Political columnist Lisa Falkenberg had an excellent commentary in yesterday's print edition of the Houston Chronicle on how often Texas voters have allowed Rick Perry to change his mind on important political issues over the last 20 years.

Unfortunately, since the Chronicle has thus far not seen fit to post the column on-line, we'll have to rely on my typing skills to give it the internet presence it deserves. The column is below, followed by a link to the Chronicle's take on Stephen Colbert's suggestion that the best running mate for Perry would be ... GOD!

The latest breathless dispatch from the Rick Perry presidential watch beat is that the governor told the Des Moines Register he's getting "more and more comfortable every day that this is what I've been called to do."

Now, if Perry really believes he's being called, I won't blame the Lord, whom Perry has falsely accused before. Recall that unfortunate Gulf oil spill that Perry famously blamed on "an act of God."

And there's always a chance the governor didn't hear quite right. It could have been a bad connection, like the time Perry prayed for rain and we got the worst drought since the 1950s.

That being said, it doesn't surprise me one bit that Perry would suddenly become"more comfortable" with the idea of leading a country he once flirted with seceding from.

If our governor is consistent about anything (other than good hair days) it's his penchant for changing his mind. Call it flip-flopping. Call it hypocrisy. But nobody does it better than our Perry.

It is, for me, the single most irritating thing about Texas' longest surviving governor. But it's also one of his best weapons. While other candidates may be bound by silly, old-fashioned things like truth, and principle and vertebrae, Perry -- the Democrat-turned Republican-turned Tea Party Darlin' -- is free to be whoever he needs to be in any given polling period.

He's an anti-government crusader who's a career politician who's collected a government paycheck for 20 years.

He's a fiscal conservative who called on lawmakers to make up a budget shortfall in the tens of billions by living within our means. Yet he's charging taxpayers $10,000 a month for a 6,386-square-foot rental mansion in the West Austin hills with seven baths and $1,000 Neiman Marcus window coverings.

He railed against federal stimulus funding, then took credit from a misinformed Fox news host who applauded him for not taking "any stimulus money," when, in fact, he signed a biennial budget in 2009 plugged with $12.1 billion in stimulus funding.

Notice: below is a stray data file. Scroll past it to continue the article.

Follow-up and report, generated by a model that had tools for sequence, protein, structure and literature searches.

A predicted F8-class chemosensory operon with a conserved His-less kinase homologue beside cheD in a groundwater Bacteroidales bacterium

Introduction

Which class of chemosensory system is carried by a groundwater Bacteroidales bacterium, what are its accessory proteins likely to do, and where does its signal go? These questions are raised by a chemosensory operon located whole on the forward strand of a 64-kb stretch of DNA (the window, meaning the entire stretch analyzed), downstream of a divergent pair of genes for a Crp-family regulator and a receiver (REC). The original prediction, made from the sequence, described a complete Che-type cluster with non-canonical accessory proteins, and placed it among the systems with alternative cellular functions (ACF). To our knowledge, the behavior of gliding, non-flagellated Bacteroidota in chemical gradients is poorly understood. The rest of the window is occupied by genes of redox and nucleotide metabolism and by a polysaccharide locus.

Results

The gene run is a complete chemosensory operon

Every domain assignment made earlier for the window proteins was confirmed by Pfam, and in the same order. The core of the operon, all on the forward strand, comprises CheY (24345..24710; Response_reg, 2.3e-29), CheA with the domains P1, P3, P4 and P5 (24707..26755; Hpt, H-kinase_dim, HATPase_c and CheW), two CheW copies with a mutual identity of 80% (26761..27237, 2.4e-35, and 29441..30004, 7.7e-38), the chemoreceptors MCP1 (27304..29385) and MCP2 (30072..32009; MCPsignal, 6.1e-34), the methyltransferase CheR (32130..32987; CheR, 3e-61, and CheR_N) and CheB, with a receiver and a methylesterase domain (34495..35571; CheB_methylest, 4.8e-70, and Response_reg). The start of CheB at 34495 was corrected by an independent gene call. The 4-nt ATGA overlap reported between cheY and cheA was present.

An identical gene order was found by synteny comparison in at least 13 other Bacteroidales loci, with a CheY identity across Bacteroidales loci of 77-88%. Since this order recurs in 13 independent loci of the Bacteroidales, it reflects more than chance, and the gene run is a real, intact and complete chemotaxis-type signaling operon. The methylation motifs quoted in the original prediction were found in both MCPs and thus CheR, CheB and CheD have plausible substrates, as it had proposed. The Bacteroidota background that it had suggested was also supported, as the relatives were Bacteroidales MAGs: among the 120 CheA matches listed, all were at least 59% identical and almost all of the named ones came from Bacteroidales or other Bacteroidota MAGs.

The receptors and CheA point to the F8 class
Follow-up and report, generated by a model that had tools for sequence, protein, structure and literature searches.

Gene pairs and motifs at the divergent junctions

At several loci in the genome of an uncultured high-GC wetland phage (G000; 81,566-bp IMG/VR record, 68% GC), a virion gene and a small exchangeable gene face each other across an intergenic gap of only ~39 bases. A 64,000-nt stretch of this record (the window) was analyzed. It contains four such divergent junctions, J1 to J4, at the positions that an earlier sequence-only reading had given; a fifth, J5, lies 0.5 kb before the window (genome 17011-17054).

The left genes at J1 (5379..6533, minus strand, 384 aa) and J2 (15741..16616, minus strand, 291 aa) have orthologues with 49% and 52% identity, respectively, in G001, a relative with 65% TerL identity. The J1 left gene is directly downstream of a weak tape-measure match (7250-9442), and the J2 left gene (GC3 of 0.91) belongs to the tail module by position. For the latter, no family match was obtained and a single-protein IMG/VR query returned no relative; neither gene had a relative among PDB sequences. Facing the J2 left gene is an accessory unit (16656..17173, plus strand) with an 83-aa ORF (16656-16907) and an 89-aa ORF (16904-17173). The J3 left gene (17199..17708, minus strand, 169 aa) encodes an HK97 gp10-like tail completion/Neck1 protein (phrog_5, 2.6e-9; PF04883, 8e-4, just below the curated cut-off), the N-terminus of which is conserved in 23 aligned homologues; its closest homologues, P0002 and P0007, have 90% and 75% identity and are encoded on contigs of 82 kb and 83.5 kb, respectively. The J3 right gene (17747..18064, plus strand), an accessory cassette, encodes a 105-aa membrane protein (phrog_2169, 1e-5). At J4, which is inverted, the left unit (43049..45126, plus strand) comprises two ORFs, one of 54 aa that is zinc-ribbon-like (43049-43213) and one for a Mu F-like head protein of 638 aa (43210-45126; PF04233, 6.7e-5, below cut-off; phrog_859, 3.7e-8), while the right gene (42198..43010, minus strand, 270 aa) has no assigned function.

During the last gubernatorial campaign, Perry made a big do-to about so-called "sanctuary cities" like Houston when, by his own standards, he's the governor of a sanctuary state. Houston officers don't ask about immigration status in the field, but neither do troopers with the Texas Department of Public Safety.

Perry opposed the federal health care reform act, but considers it an "emergency" for government to force a woman considering an abortion to have a medically unnecessary sonogram.

While the governor is perfectly comfortable with government micromanaging women's wombs, he's appalled by such overreach in the form of, say, a bill that would have banned texting while driving. Our proudly "pro-life" governor saw nothing wrong with vetoing the anti-texting measure that would have surely saved lives.

The good Christian governor wears his faith like a campaign bumper sticker, and makes headlines with events like the upcoming prayer-a-palooza at Reliant. But when it comes to putting his money where his mouth is? The Chronicle's Gary Scharrer reported recently that, of the $2.68 million he's earned since he became governor, only half of a percent went to churches and religious organizations.

He's Fed Up with the federal government, and even wrote a book saying so. Texas can take care of itself, he says. He wants Washington out of his life, he says. Unless of course, he needs it. Like in the case of a wild fire, or when his political ambitions have grown too big even for Texas.

The subtitle of Perry's recent book is Our Fight to Save America from Washington. If Perry gets in, it'll be up to those of us who know him to save Washington from Perry.

Tuesday, July 12, 2011

Liturgist Writes Scathing Critique of New U.S. Missal Dictated by Rome

Christians devoted to authentic liturgy and the authentic exercise of liturgical authority should be grateful to the National Catholic Reporter for publicizing an experienced liturgist's "searing critique of the New Roman Missal translation set to take effect in November." The critique by Rita Ferrone, author of several books on the liturgy, appears in the latest edition of Commonweal magazine.

Ferrone blames the sad shape of the new English translation on misuse of authority by the Vatican, a questionable set of liturgical translation principles decreed by the last two popes, and above all a reactionary drive to reverse the most significant liturgical reforms promulgated by the world's Catholic bishops at the Second Vatican Council. Ferrone offers examples of the translation's failings, from the sublime to the ridiculous, and shows how they result inexorably from Rome's failure to respect the experiences of local Catholics at public prayer.

I'll join NCR is highlighting the three concluding paragraphs of Ferrone's critique, which nicely summarize her point-by-point indictment of Rome's abusive meddling in liturgical decisions that, according to Vatican II, should rightly be made only by local bishops and their national conferences.

Where is this new translation taking us? It is important to realize that negative responses to the new translation reflect both dismay at the wording of the text and disagreement with the principles that guided its production. Yet the conflict goes deeper than an argument over theories of translation. That the new translation of the Roman Missal should come to us replete with embarrassing gaffes, nonsensical passages, and a near-total lack of accountability is as clearly a symptom of the misuse of authority as it is the fault of the questionable set of translation principles enunciated in Liturgiam authenticam. Yet even the misuse of authority is not the root cause of the immense disquiet and even outrage that this translation has aroused.